The complexity of autoimmune disease calls for complementary approaches of intervention. This can only be attained by an increase in understanding the molecular mechanisms that elicit disease. The signal transducer and activator of transcription 3 (STAT3) plays a pivotal role in both acute and chronic inflammatory responses that contribute to the tissue damage that occurs in autoimmunity. The long-term goal is to elucidate mechanisms that regulate STAT3 nuclear function in order to design targeted inhibitors. The specific objective of this focused proposal is to determine the protein-protein interface between STAT3 and its nuclear import adapter, importin-alpha3. To function as a transcription factor, STAT3 must gain entrance to the nucleus and for this reason nuclear trafficking is a potential target for intervention. Increasing evidence indicates that STAT3 is a central player in chronic inflammation that occurs in T cell mediated autoimmune diseases. STAT3 is necessary for the development of T helper 17 cells and is causally linked to its immune pathology. Cytokines like interleukin-6 activate STAT3 by tyrosine phosphorylation, enabling it to bind to specific DNA targets and induce gene expression. Therefore nuclear translocation is central to the role of STAT3 as a transcription factor. More importantly, nuclear import of STAT3 is continual and independent of tyrosine phosphorylation. The passage of large molecules between the cytoplasm and nucleus is restricted and is mediated by karyopherin proteins that act as import carriers. STAT3 nuclear import ifs facilitated by direct interaction with the importin-alpha3 adapter. However, the specific protein-protein interface of the STAT3-importin-alpha3 complex remains to be determined. To achieve this goal two specific aims will be pursued:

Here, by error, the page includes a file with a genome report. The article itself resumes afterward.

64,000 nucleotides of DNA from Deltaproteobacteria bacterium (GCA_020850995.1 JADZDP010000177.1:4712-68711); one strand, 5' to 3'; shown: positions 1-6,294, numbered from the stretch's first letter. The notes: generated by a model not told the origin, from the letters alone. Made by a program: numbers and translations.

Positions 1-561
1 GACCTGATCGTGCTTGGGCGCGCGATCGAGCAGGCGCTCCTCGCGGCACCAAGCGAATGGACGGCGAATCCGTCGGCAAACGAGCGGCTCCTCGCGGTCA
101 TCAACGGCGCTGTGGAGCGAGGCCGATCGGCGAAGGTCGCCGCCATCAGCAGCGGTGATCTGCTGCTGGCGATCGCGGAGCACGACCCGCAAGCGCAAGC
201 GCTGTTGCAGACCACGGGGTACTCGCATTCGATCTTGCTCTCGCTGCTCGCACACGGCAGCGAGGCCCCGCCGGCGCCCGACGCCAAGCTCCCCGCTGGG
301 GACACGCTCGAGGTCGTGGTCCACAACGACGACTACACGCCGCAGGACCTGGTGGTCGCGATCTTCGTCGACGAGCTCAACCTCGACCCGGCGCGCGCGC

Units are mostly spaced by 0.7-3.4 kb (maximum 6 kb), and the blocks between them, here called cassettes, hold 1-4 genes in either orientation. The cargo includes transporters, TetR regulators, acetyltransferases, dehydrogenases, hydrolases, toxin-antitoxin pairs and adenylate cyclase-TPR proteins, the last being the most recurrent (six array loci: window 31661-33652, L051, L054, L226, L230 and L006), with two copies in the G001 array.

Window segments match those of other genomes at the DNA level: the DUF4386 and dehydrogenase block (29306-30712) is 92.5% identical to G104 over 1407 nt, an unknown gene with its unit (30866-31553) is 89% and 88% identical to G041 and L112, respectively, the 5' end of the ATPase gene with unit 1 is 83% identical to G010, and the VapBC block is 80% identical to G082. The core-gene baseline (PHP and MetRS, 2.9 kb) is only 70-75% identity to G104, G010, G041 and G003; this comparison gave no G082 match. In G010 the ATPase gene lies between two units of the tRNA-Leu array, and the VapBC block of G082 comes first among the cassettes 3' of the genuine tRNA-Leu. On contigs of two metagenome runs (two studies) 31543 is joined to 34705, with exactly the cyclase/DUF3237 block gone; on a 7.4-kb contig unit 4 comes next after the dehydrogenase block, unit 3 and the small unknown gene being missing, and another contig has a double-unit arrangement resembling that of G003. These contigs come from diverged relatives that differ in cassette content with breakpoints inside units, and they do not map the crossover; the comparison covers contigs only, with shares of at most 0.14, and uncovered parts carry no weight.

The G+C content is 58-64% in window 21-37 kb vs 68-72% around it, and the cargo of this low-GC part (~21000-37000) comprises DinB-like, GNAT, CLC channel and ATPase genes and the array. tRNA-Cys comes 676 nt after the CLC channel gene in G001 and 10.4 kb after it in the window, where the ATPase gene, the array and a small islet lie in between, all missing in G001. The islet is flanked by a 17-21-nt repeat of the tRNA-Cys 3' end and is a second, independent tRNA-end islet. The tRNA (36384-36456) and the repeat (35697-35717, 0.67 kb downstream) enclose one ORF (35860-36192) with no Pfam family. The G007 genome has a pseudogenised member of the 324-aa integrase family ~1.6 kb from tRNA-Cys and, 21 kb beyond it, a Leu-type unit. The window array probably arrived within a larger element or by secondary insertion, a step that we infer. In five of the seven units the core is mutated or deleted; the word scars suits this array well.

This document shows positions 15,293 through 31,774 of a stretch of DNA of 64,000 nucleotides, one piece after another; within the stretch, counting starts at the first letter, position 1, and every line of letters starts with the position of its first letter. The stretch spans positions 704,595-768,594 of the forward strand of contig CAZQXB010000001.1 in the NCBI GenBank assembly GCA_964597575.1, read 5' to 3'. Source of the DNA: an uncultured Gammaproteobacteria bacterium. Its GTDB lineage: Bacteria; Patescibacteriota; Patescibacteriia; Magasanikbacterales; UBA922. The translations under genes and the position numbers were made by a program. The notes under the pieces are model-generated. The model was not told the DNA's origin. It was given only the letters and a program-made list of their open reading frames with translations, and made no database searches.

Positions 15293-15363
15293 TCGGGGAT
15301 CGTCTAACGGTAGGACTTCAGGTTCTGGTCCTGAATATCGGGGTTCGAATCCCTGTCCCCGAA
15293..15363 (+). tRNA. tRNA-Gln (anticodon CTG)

Specific Aim #1 : To express and purify large quantities of STAT3 and importin-alpha3 and to obtain three-dimensional crystals suitable for high resolution structure determination.
Specific Aim #2 : To solve the crystal structure of the STAT3-importin-alpha3 complex and to analyze the protein-protein interface. The knowledge gained with accomplishment of these aims is expected to contribute to the development of inhibitors that can be later translated to the clinic.
This proposed research is relevant to the mission of the National Institute of Allergy and Infectious Diseases because it will provide fundamental knowledge to inhibit a transcription factor that functions in the progression of autoimmune diseases such as multiple sclerosis, inflammatory bowel disease, systemic lupus erythematosus, psoriasis, and rheumatoid arthritis. Achievement of the aims is expected to contribute to an understanding of the function of the STAT3 transcription factor, and to contribute to the development of clinically useful inhibitors.